A new species of Homo found in the Philippines

Researchers have uncovered a new species of human in the Philippines. The discovery highlights the complexity of the evolution, dispersal and diversity of the genus Homo beyond Africa, particularly in the islands of Southeast Asia, during the Pleistocene (2,588,000 to 11,700 years ago).

The new species—Homo luzonensis—has been named after Luzon Island, where the more-than-50,000 year old fossils were found during excavations at Callao Cave. The team of international researchers led by Australian National University‘s Professor Philip Piper (ANU) uncovered the remains of at least two adults and one juvenile in the same archaeological deposits. The details of the study have just been published in the journal Nature.

“The fossil remains included adult finger and toe bones, as well as teeth. We also recovered a child’s femur. There are some really interesting features—for example, the teeth are really small,” Professor Piper said. “The size of the teeth generally, though not always, reflects the overall body-size of a mammal, so we think Homo luzonensis was probably relatively small. Exactly how small we don’t know yet. We would need to find some skeletal elements from which we could measure body-size more precisely,” he added. “It’s quite incredible, the extremities, that is the hand and feet bones are remarkably Australopithecine-like. The Australopithecines last walked the earth in Africa about 2 million years ago and are considered to be the ancestors of the Homo group, which includes modern humans. So, the question is whether some of these features evolved as adaptations to island life, or whether they are anatomical traits passed down to Homo luzonensis from their ancestors over the preceding 2 million years,” Prof Piper remarked.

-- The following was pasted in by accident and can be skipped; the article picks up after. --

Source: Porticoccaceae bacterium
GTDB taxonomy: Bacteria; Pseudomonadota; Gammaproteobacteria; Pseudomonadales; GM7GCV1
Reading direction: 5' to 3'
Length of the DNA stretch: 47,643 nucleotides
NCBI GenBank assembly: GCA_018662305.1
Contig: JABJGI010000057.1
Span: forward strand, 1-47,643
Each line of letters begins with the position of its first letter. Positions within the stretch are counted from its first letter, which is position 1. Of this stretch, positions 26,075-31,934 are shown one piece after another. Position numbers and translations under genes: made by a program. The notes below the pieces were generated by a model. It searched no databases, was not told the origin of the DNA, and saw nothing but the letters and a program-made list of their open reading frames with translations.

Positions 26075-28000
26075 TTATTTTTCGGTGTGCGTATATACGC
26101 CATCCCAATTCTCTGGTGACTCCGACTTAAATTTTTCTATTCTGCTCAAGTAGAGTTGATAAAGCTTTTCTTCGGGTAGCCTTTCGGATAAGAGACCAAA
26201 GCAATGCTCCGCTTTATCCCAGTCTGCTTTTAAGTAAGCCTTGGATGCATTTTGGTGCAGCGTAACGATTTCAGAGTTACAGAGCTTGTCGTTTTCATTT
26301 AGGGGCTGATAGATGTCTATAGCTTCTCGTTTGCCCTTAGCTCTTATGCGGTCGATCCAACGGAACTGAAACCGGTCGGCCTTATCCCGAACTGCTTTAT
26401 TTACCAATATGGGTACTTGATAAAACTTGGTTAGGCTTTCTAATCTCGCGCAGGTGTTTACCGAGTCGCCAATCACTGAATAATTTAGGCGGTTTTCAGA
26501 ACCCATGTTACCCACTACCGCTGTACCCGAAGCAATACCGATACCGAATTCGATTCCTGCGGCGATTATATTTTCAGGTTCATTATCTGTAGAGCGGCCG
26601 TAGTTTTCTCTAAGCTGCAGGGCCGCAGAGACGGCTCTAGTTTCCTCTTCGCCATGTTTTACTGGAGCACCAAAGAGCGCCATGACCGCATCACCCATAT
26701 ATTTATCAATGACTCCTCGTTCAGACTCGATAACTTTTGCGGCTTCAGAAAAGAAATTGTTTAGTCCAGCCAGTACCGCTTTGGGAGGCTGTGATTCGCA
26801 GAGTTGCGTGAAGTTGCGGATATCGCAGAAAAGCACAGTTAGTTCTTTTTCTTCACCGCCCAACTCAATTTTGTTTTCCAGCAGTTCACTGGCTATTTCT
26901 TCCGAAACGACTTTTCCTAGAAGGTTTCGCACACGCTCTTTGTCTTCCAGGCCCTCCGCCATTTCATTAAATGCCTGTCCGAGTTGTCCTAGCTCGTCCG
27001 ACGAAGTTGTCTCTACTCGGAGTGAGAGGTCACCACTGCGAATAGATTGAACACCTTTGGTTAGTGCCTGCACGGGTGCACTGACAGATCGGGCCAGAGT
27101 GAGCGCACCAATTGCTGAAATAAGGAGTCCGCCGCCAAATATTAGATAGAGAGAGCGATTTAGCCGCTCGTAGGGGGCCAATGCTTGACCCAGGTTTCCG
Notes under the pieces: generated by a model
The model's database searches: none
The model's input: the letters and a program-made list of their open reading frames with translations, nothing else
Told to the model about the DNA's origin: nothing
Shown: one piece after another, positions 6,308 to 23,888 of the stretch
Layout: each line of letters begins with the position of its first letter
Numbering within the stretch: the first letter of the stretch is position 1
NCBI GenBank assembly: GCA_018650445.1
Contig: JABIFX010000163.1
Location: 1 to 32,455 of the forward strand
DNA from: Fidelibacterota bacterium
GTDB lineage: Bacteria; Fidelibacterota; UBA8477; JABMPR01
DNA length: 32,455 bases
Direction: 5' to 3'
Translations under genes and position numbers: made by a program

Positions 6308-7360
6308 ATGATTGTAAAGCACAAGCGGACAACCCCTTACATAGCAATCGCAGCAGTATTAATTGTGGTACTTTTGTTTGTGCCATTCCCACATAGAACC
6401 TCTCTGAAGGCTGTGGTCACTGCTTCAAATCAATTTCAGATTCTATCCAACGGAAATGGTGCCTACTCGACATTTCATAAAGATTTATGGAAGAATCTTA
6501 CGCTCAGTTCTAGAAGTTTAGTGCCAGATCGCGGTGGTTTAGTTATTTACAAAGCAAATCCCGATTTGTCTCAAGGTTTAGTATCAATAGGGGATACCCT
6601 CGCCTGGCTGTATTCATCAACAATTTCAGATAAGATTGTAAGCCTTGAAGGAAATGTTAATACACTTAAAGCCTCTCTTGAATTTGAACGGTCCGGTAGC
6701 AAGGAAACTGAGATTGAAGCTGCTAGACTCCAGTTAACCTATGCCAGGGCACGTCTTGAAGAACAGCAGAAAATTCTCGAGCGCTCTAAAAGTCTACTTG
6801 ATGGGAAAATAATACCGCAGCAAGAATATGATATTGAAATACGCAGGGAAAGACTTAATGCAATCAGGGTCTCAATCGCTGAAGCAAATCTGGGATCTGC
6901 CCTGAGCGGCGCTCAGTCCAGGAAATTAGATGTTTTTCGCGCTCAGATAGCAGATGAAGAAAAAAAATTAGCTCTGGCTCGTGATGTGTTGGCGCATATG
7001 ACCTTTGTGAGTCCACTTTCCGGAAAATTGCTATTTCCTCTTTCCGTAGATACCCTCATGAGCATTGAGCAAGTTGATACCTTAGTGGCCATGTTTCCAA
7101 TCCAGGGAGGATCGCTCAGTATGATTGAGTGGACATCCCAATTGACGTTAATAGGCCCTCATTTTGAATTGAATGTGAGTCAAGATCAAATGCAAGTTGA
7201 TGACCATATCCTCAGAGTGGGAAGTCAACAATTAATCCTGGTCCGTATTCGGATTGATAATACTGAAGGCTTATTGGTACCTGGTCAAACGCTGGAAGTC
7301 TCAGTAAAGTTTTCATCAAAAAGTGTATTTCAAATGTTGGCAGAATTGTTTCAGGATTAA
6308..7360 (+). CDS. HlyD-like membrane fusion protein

The discovery is even more intriguing in light of the recent excavations near Callao Cave which produced evidence of a butchered rhinoceros and stone tools dating to around 700,000 years ago. In this case, “No hominin fossils were recovered, but this does provide a timeframe for a hominin presence on Luzon. Whether it was Homo luzonensis butchering and eating the rhinoceros remains to be seen,” Professor Piper commented. “It makes the whole region really significant. The Philippines is made up of a group of large islands that have been separated long enough to have potentially facilitated archipelago speciation. There is no reason why archaeological research in the Philippines couldn’t discover several species of hominin. It’s probably just a matter of time.” Interestingly, Homo luzonensis shares some unique skeletal features with Homo floresiensis, discovered in 2004 on the island of Flores (Indonesia), to the south east of the Philippine archipelago. Furthermore, stone tools dating to around 200,000 years ago have been found on the island of Sulawesi (just South of the Philippines). All these findings highlights how ancient hominins potentially inhabited many of the large islands of Southeast Asia and could thus be of great interest for uncovering the evolution of the Homo species.

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Carlo Bradac

Carlo Bradac

Dr Carlo Bradac is a Research Fellow at the University of Technology, Sydney (UTS). He studied physics and engineering at the Polytechnic of Milan (Italy) where he achieved his Bachelor of Science (2004) and Master of Science (2006) in Engineering for Physics and Mathematics. During his employment experience, he worked as Application Engineer and Process Automation & Control Engineer. In 2012 he completed his PhD in Physics at Macquarie University, Sydney (Australia). He worked as a Postdoctoral Research Fellow at Sydney University and Macquarie University, before moving to UTS upon receiving the Chancellor Postdoctoral Research and DECRA Fellowships.

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